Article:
Page:The Visit of Charles Fraser to the Swan River in 1827.djvu/29

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"The coast towards Point Cockburn is thickly studded with Cypress; the soil a light sand. Here we found abundance of fresh water on the beach, as well as in Cypress thickets beyond the influence of the sea My observations did not extend beyond Port Cockburn; but, from the appearance of the country, I doubt not its being of the same quality as that already described.

"Between the isles of Berthollet and Buâche is the entrance for ships drawing more than 16 feet of water into Port Cockburn[1]. Vessels drawing less than 16 feet can run directly across the Sound, from the entrance of Swan River to Port Cockburn. Vessels of any burthen can proceed up the Sound to the entrance of the river, where there is good anchorage, with plenty of room to beat out should the wind come to blow hard from the north-west.

"It is remarkable that on the shores of the Sound, at the entrance to the river, there is not a perpendicular height of 5 feet from the line of low water to that of vegetation, a proof that there is never any heavy weather in the Sound. There is no surf, and boats may land on any part of the main. On the bar, at the entrance, there is only 1 fathom of water[2], but that is always smooth. Port Cockburn is only distant eight miles from it, where there is room for the largest fleet, with 7 fathoms of water within 20 yards of the shore, and this perfectly land-locked.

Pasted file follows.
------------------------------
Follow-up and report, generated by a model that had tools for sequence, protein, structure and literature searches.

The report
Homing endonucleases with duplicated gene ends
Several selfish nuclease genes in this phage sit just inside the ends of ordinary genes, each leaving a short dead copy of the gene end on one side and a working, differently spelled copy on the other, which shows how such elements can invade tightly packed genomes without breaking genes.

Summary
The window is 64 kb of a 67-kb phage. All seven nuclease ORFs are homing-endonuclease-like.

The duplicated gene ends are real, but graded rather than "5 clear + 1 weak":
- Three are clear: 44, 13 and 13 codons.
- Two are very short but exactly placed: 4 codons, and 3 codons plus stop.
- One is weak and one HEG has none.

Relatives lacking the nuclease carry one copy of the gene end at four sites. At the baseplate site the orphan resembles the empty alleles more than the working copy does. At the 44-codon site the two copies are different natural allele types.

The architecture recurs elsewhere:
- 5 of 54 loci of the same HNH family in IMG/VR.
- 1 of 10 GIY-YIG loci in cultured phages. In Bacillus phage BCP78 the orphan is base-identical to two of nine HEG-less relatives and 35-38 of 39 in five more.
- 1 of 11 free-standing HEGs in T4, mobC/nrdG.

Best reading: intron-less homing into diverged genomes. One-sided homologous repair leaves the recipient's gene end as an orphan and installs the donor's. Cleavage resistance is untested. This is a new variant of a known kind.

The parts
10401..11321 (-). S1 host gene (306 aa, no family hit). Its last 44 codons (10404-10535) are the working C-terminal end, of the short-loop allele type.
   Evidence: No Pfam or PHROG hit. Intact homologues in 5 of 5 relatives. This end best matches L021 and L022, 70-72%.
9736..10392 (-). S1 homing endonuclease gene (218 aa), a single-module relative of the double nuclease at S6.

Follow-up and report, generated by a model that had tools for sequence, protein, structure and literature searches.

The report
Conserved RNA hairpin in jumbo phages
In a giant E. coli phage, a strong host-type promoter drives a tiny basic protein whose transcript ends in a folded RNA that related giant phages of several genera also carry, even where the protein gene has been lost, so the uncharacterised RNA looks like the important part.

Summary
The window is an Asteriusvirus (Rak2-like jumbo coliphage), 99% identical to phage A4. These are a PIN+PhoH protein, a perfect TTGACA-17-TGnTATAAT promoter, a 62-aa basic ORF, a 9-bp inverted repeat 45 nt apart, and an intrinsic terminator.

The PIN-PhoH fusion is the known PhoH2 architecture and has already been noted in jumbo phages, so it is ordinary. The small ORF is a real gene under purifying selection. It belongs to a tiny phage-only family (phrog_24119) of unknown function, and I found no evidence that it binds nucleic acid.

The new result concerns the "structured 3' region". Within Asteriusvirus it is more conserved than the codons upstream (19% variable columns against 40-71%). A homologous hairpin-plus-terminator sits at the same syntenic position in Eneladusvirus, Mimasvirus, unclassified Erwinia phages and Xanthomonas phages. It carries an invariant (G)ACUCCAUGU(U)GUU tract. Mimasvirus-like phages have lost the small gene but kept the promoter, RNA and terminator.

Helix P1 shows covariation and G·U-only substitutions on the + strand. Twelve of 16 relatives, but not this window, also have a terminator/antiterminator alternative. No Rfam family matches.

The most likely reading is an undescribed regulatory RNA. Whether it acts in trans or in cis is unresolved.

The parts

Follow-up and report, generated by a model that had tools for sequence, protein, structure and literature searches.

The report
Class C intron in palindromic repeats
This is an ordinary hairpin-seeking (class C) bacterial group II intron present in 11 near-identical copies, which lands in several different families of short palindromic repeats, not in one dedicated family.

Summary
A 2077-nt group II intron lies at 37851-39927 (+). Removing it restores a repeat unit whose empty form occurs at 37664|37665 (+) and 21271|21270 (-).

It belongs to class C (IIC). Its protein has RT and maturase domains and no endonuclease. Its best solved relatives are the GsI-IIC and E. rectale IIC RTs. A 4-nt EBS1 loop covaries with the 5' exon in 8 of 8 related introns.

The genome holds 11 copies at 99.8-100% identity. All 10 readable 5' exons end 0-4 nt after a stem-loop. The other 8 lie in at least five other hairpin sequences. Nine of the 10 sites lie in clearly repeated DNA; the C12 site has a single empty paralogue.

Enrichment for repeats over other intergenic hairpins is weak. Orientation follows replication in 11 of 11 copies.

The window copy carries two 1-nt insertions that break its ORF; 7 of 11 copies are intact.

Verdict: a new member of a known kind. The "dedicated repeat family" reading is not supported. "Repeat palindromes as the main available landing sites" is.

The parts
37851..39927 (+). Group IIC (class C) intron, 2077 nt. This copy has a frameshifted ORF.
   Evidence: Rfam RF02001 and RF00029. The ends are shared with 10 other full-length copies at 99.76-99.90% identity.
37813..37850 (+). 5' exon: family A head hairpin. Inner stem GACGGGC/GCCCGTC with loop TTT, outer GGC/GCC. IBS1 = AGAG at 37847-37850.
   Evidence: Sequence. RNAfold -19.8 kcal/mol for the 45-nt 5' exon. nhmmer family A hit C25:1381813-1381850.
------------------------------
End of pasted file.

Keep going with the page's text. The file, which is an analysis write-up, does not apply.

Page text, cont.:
"Proceeding from the mouth of the river along Baie Géographe the appearance of the country is particularly pleasing.

"The shore seems well clothed with timber, and the foliage is of the richest green. The observations taken here confirm me in my opinion that the principal part of the timber consists of Eucalyptus. I saw no trace of Banksia or of Casuarina.

"From the shore the country is seen to rise gradually into gentle undulating hills, separated apparently by valleys of considerable size, the whole terminated by a magnificent range of hills, thickly covered with heavy timber extending all along the bay.

"At the head of the bay the feature of the country changes, exhibiting bold hills, with large masses of granite, in many instances jutting into the sea with considerable grandeur. The hills, too, are clear of timber, with the exception of some stunted Eucalyptus, and are divided by beautiful winding valleys, in each of which is a small

  1. Now called Rockingham
  2. At a heavy expense this bar has been removed, and a channel of 34 feet provided into the Port of Fremantle.